The MogIA artificial intelligence system correctly predicted the last three U.S. presidential elections and is picking Trump to be the next commander in chief. The MogIA crunches massive amounts of Internet data including social media. It shows that Trump has overtaken Barack Obama’s peak in 2008 by 25 percent.
Another company, Cognovi Labs, an Ohio-based analytics startup, has a tool built on technology developed at Wright State University by Dr. Amit Sheth called Twitris. Cognovi correctly predicted the Brexit outcome hours ahead of the final vote, going against what traditional polling was indicating. James Mainord, Cognovi CEO, says at this point in the election there is still too much movement in the public mood to say with certainty who will win.
“If I had answered this question on Oct. 28 at 12:30 p.m., my answer would have likely been Clinton,” Mainord told PJ Media. “Even though her support had been harmed by a 10/24 HHS report on Obamacare and continued Wikileaks drops, it appeared that she was holding on to support. The FBI announcement by James Comey was very damaging and we’re following closely to see how much harm it has done.”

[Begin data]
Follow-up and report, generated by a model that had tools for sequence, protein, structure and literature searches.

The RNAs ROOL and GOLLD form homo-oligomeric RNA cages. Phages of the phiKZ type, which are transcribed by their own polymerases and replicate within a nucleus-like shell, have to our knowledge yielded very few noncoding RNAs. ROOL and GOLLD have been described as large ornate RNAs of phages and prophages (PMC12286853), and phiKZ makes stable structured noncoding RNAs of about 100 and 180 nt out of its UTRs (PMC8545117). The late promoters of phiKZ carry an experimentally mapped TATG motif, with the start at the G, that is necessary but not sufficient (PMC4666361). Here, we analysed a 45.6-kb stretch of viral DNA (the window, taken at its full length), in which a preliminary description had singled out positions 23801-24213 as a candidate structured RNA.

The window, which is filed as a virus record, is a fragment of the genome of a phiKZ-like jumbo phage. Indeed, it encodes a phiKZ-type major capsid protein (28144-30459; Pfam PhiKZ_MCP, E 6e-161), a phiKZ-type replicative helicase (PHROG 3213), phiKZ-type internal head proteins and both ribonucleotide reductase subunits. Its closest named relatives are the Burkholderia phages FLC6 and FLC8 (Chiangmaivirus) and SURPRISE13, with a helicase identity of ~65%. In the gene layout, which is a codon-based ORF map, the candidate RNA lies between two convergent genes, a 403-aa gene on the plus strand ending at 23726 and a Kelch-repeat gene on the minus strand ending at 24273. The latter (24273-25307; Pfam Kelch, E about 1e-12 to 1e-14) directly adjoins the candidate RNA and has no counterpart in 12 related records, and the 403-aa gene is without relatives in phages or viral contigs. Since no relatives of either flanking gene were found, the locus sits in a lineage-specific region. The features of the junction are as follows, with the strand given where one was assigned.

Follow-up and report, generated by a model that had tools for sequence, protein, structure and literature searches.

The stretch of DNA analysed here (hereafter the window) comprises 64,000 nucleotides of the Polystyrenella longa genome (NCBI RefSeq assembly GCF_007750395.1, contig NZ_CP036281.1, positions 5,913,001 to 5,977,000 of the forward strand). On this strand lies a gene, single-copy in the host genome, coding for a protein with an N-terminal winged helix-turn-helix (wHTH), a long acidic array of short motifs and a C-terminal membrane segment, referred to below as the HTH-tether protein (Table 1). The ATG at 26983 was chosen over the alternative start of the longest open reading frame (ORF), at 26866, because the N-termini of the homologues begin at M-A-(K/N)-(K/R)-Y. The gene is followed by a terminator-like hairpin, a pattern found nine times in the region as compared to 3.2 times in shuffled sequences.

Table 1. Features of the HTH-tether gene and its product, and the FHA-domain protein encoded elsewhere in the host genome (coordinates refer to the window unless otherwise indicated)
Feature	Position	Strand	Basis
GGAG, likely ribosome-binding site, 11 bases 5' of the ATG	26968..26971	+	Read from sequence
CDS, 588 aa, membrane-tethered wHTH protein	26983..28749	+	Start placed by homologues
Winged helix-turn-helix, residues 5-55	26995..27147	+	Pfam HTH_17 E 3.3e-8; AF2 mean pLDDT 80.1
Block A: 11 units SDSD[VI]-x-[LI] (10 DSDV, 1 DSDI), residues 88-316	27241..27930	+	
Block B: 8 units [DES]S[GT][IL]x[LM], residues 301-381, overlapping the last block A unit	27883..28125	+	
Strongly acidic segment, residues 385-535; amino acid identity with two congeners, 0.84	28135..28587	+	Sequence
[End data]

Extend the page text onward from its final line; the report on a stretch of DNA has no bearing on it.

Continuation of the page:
So that puts three models for Trump and one on the edge.
There are some adults within the Democratic Party who understand that no matter what happens, even if Clinton wins, she won’t be able to govern (that is, pass liberal legislation), and some are even asking for divine intervention. Proving once again that there are no atheists in foxholes or when in legal/political trouble.
Future campaigns will spend big bucks for software that can measure, react to, and then influence voting behavior. Commercial marketing departments will do the same for their products and services.
Computer models are only going to get better and more sophisticated. Forget about measuring data in terabytes; petabyte storage drives are next, and exabytes, zettabytes, and yottabytes will eventually follow. Each designation adds three zeros and a comma to the previous number.
In 1814, the scientist/mathematician Pierre-Simon Laplace famously suggested a “sufficiently powerful intellect” could, if it knew certain things at a given time, calculate the evolution of the system at any other time. In laymen’s talk, in a way he was saying the future is theoretically predictable.
It didn’t take long for later scientists to conclude that the only thing predicable about the future is its unpredictability. But then, they didn’t have access to our modern data handling and processing capabilities.
With increasing data handling capacities and accompanying faster computing speeds, are we are rapidly approaching Laplace’s concept of “sufficiently powerful intellect”? If you scoff at that idea, and many purists rightly will, just keep in mind that if you are willing to take a little liberty with definitions and accept a little fuzziness in the predictions, we may get close enough for all practical purposes.